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Employees Ditch Company Tech in Favor of Personal Devices

This story originally appeared on CNBC
CNBC's Cadie Thompson talks about how young workers are dealing with slow and old computers at the office.

Call it a movement of sorts, but employees are increasingly ditching their company issued computers and smartphones in favor of using their own devices to get work done. One big reason: Their company's tech is, well, terrible.

(Read more: Smashed up your computer? You're not alone)

"They are primarily doing this because they have better technology at home. Their devices are better than what they would be given at work," said Jennifer Bélissent, a principal analyst at Forrester who advises CIOs and vendor strategists.

In fact, over 60 percent of employees worldwide report they have used a personal device for work, according to Gartner research.

Not surprisingly, millennials are are at the forefront of the trend.

(Read more: Gen Y seeks work-life balance above all else)

"This new generation of workers has always used their personal devices in their school, and they have never been without these. So they see it as a step backward when they enter the workforce and get a heavy computer or antiquated smartphone," said David Willis, the head of mobility and communications research for Gartner.

"Companies don't really have a choice. These young employees are going to attempt to connect devices online whether you like it or not."

(Read more: Gen Y managers perceived as entitled, need polish)

Adapt or die

Image credit: Sven Hagolani | Getty Images

But with BYOD on the rise, experts say employers better adapt or risk serious privacy and security issues that could hurt business.

"The big concern with these systems is data leakage," Willis said. "It's so easy to connect with the cloud these days, so it's very easy to spray something out in the public that you didn't mean to send."

If companies don't take steps to make sure devices employees are using are secure, they may also be exposing their network to malware, said Richard Henderson, the security strategist for the security firm Fortinet.

(Read more: U.S. proposes minimal corporate cybersecurity standards)

On the other hand, companies could lose their most talented employees if they aren't willing to give them better technology or allow them to use their own devices, Willis said.

"The overarching theme here is that companies need to take their heads out of the sand. This isn't going away, it doesn't matter how much you want it to be like 1996 again where everyone ran Windows on a Thinkpad. Those days are over," Henderson said. "Do it or stay mediocre."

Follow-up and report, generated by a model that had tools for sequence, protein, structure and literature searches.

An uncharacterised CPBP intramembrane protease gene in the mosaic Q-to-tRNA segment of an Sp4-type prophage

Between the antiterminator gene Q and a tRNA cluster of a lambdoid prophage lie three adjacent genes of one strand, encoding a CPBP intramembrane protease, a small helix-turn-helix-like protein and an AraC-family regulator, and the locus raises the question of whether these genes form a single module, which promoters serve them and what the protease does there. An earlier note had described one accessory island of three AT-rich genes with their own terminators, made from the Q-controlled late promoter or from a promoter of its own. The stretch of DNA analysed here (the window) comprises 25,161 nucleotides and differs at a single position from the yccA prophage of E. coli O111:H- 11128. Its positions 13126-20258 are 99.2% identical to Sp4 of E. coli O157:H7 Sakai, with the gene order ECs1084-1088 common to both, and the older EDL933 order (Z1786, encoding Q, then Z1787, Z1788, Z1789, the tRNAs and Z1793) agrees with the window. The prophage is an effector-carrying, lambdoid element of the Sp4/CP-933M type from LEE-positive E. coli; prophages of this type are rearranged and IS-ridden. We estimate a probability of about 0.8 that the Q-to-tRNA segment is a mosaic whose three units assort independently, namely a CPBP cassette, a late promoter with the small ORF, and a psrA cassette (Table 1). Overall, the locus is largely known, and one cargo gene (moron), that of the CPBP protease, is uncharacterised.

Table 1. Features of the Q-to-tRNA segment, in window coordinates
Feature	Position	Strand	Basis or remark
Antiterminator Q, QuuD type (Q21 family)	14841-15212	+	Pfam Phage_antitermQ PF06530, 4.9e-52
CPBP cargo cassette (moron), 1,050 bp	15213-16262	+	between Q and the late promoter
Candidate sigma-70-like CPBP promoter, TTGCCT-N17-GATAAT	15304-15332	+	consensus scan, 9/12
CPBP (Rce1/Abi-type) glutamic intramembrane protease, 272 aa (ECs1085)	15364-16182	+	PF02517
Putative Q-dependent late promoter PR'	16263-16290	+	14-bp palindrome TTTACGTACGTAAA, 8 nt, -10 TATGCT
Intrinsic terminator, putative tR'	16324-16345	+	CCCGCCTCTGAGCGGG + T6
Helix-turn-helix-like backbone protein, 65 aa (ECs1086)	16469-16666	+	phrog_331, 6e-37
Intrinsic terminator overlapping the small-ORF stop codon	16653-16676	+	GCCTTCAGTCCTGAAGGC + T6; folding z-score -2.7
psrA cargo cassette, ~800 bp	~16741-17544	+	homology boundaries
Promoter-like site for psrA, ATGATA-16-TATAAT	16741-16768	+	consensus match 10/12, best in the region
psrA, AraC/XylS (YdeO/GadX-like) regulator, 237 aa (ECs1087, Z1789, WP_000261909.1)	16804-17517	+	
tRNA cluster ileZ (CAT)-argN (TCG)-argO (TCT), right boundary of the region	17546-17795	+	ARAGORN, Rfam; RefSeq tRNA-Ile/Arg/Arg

For a long time IT departments argued that managing one type of device for all employees was much more efficient, but that is a myth and they can't lean on that excuse anymore, Henderson said. Software has advanced so that it is now easy for IT to manage applications across different platforms, including Apple's iOS andGoogle's Android, he said.

"Pandora's box has kind of been opened there, no matter how much they want to standardize things, they can't. There's no going back," Henderson said.

The cost of BYOD

But embracing BYOD doesn't mean allowing a free-for-all where employees can access the company network from any device as they please, Henderson said.

A company must first develop a corporate policy that enables the company some access to the employees' device so that they can keep their network secure.

"If you are going to allow employees to use a certain device if they want to, let them use it," Henderson said. "But you need to make them aware by allowing them to use this device on the corporate network, they have to relinquish a little bit of control to the company."

Some of that control includes allowing the employer to install the proper VPN client software that enables the company to wipe the device clean in case it's stolen, and an antivirus packet, Henderson said. And this means the company will have to make some investments.

According to Gartner Research, by 2016 investments in mobile apps, security, management and support will cost companies more than $300 per year per employee.

"There's no such thing as a free device in this model," Willis said. "Even if you aren't paying for the device, employers will still need to spend to protect the devices used."

But in the long run, BYOD can actually save companies money because they can cut the cost of paying for the wireless service, which usually averages around $900 per year per employee, Willis said.

If employers aren't going to pay up to support BYOD they better be ready to pay to give their employees some better technology.

"Another option is what we call CYOD, or choose your own device. Rather than saying you have to have this particular mobile device or accept an employee bring in any device they please, employers can give their employees a reasonable list of devices to choose from. This allows for flexibility," Bélissent said.

However, more companies will opt for BYOD, Willis said. According to Gartner research, about 38 percent of companies will be completely BYOD by 2016.

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